The goal of our research is to uncover general principles of representation and computation in neural circuits. Most computations of interest, such as recognizing an object or making a decision, are performed in the presence of high uncertainty. Recent behavioral work in humans and animals has shown that the nervous system handles this uncertainty near optimally, which is to say that the brain represents probability distributions over variables of interest and combine these distributions according to the laws of statistical inference. Our current work focuses on understanding how these inferences are performed at the neuronal level using a type of neural code known as population code. We apply our theory to a variety of domains, including decision making, multisensory integration, number representation, early visual processing and perceptual learning.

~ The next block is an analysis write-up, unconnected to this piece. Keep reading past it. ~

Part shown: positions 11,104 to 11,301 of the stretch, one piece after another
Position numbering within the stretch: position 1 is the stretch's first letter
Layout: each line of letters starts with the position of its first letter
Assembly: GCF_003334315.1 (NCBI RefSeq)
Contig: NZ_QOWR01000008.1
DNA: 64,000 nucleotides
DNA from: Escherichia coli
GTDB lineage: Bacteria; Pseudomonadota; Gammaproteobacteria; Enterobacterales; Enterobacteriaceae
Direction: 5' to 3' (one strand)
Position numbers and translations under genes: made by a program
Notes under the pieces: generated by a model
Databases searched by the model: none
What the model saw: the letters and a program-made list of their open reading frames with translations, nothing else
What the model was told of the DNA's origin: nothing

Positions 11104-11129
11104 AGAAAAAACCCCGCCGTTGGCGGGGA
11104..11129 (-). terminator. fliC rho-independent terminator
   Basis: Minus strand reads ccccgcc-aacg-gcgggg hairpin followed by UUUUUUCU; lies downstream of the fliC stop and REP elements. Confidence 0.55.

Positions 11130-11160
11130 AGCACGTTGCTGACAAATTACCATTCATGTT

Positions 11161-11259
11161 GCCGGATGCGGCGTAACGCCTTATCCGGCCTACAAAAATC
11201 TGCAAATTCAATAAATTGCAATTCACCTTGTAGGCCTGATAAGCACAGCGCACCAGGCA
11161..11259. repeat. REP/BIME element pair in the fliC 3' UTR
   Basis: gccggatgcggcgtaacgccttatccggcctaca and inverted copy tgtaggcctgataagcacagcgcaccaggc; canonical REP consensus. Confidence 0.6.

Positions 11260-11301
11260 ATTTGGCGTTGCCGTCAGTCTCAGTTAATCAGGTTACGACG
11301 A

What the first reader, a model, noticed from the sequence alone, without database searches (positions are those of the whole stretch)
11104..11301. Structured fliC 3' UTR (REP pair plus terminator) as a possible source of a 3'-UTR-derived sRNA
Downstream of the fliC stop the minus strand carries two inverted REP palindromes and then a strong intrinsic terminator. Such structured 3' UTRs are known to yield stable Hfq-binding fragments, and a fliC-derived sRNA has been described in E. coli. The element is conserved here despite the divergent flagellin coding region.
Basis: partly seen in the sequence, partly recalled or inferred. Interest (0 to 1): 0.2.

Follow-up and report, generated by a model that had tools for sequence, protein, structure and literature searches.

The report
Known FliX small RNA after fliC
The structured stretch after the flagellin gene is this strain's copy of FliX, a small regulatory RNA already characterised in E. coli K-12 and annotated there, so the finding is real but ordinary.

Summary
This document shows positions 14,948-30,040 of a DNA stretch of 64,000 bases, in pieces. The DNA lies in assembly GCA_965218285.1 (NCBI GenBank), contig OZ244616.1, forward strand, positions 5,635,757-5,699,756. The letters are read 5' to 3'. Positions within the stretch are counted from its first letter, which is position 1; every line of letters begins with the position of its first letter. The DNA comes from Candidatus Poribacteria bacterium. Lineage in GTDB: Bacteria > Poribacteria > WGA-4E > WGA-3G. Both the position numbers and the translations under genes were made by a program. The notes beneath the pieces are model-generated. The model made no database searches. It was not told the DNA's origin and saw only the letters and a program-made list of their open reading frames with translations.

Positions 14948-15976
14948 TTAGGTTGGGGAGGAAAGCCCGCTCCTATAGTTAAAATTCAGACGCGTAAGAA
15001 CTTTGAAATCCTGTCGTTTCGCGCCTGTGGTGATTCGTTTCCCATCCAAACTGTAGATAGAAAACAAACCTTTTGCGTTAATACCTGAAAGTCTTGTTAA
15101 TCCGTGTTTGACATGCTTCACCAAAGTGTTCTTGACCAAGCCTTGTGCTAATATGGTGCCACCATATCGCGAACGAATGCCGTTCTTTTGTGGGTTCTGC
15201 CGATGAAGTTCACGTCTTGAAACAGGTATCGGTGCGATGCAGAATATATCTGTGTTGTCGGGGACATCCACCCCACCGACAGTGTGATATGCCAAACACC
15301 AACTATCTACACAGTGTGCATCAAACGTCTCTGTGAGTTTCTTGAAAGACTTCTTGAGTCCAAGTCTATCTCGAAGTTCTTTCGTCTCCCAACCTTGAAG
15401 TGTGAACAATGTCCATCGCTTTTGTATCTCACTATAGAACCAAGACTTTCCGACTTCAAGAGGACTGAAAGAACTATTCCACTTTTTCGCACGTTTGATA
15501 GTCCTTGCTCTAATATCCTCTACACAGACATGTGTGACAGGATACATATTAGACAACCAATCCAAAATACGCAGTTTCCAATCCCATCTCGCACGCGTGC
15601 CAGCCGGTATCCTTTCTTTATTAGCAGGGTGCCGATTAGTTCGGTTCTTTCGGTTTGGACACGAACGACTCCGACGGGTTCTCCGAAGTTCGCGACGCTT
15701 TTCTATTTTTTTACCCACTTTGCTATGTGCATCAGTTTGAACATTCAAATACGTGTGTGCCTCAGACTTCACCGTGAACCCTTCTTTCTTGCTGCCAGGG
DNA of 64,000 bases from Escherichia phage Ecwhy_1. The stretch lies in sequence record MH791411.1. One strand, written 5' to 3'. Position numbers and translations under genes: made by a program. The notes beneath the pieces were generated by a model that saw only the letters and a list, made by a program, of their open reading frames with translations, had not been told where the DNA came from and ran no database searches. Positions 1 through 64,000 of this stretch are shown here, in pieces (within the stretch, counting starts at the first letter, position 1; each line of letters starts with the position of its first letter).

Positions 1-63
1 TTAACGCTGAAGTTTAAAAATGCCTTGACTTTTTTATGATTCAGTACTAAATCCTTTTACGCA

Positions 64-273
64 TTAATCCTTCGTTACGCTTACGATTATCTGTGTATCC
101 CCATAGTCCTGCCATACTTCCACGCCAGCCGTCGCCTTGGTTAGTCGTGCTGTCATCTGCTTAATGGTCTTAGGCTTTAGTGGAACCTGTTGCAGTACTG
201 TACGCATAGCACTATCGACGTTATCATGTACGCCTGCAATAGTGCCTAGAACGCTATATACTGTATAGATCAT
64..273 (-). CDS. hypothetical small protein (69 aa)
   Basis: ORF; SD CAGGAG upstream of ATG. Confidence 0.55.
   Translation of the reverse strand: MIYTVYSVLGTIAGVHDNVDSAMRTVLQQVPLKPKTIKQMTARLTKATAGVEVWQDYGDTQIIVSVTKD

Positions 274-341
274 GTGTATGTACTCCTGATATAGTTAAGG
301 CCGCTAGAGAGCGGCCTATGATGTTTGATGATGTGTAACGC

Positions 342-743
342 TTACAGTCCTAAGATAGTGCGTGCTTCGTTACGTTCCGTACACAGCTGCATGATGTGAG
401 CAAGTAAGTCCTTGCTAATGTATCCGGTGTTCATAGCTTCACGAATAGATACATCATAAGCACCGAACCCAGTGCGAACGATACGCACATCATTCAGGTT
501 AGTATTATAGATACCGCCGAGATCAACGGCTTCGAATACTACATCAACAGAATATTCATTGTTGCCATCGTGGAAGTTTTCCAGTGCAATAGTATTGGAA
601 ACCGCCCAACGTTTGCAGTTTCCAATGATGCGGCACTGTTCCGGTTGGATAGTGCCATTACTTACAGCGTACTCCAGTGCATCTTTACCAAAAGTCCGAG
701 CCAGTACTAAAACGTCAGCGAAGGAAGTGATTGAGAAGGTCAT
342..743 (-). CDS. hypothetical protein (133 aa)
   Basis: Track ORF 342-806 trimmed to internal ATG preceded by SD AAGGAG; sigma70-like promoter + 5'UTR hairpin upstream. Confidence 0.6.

Inferring decoding strategies for multiple correlated neural populations.
A method to estimate the number of neurons supporting visual orientation discrimination in primates.
Robust information propagation through noisy neural circuits.
Context- and Output Layer-Dependent Long-Term Ensemble Plasticity in a Sensory Circuit.
Faculté de médecine
Université de Genève